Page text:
I get 24 presets, in 4 groups of 6 that I can toggle through and I’ve divided them up into 4 categories: modern-classic (alternative rock, hip hop, 60s/70s rock) talk (NPR, BBC), eclectic (honky tonk, electronic, ambient, garage) and 80s. The 80s grouping gets the majority of the attention in my car. There’s the 80s New Wave channel (First Wave), the cheesy 80s hits (80s on 8), Backspin (Old Skool HipHop), Ozzy’s Boneyard (Hard Rock/Heavy Metal), Hair Nation (Glam Metal) and Groove (Soul/R&B). Most of these channels have DJs that come on between songs, much like terrestrial radio. These DJs are the same folks I grew up listening to in L.A and on MTV. Jim Ladd (KMET), Richard Blade, The Swedish Egil (KROQ), Mark Goodman, Martha Quinn, Nina Blackwood. Those last three, if you grew up during the early days of MTV, you probably recognize as the original VJs. So you can see why it takes a glimpse of my face in the rearview mirror to remind me that I don’t sport a mullet and parachute pants, that 30 years have indeed passed since all this amazing music came out. But for the few minutes on the way to work, the hours when I’m on a road trip, these songs, these iconic DJs voices, give away no clues that are in their 50s and 60s, have gained weight, lost hair, sport wrinkles and have had plastic surgery.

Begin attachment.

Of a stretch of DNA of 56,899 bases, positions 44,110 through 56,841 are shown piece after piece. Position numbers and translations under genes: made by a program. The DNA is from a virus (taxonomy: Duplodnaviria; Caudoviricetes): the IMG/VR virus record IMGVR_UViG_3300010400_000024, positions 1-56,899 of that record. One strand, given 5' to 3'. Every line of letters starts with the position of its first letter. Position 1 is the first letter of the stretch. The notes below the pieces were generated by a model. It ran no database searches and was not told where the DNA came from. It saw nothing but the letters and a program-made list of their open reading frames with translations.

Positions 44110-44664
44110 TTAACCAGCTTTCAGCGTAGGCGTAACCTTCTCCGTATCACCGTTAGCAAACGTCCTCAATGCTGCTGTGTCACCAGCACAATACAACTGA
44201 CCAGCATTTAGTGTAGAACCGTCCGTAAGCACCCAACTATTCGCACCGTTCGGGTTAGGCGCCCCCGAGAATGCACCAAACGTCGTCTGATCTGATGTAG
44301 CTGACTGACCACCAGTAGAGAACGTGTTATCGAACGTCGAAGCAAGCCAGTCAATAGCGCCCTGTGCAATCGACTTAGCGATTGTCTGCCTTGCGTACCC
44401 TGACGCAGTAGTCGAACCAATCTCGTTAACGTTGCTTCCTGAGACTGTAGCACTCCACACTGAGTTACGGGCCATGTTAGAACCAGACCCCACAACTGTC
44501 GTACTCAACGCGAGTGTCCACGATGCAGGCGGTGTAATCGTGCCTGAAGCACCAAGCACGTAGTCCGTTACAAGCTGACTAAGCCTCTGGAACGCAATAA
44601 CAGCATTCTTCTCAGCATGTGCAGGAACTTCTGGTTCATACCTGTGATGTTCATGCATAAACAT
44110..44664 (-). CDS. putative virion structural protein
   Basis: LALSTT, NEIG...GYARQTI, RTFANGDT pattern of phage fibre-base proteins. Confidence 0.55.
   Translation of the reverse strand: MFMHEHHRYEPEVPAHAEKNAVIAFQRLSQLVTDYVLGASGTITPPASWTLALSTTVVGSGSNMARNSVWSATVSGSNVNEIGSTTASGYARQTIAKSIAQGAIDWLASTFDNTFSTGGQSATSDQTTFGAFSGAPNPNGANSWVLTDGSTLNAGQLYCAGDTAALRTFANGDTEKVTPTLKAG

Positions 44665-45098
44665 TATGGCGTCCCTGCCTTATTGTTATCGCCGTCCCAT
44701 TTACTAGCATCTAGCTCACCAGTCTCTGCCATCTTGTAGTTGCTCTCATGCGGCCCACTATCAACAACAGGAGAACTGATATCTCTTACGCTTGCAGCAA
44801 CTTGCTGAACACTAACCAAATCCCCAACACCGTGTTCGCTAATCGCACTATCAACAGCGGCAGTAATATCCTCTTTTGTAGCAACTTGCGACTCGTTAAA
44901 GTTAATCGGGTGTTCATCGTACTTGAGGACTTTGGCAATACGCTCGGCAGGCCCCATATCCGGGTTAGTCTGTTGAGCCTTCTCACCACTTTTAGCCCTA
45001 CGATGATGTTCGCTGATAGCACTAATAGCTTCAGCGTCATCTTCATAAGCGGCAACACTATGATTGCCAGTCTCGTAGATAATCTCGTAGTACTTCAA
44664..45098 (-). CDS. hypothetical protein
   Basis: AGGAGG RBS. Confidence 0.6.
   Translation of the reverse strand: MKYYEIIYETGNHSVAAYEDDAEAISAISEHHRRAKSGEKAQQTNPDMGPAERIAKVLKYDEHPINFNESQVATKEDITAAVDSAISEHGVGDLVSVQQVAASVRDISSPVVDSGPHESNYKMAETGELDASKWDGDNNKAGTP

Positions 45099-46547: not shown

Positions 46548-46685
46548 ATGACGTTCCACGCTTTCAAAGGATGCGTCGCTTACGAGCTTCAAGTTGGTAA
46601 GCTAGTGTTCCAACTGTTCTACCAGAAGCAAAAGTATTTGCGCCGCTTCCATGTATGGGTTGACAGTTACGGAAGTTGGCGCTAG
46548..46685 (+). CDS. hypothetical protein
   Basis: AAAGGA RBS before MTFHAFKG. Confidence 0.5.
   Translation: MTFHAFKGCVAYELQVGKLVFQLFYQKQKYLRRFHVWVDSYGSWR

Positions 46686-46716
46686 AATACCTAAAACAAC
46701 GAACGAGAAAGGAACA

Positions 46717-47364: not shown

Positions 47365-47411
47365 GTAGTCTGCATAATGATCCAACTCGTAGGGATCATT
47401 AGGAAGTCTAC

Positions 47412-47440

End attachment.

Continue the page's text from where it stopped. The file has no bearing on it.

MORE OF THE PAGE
And even though the technology has changed, the experience hasn’t much. It’s still listening to music in the car. For me, it’s not Old School, it’s not Classic. It’s what is, and what matters. And it brings me back to that time, an era when music thrilled me, surprised me, scared me, confounded me, seduced me. When a song like Culture Club’s “Do You Really Want To Hurt Me” could be followed by an instrumental, jazzy, break-dance anthem like Herbie Hancock’s “Rock It.”
Which is what started this whole rant in the first place. Instead of a song lyric spinning over and over in my head, I awoke to the record-scratching, forward and back chugga-chuggas of this 1983 (dare I use the word?) classic. It leads me to wonder, what other instrumental songs (other than Vangelis’ “Chariots of Fire” and Jan Hammer’s “Miami Vice Theme”) have been big hits? Anything since 1990? Discuss amongst yourselves and let me know in the comments.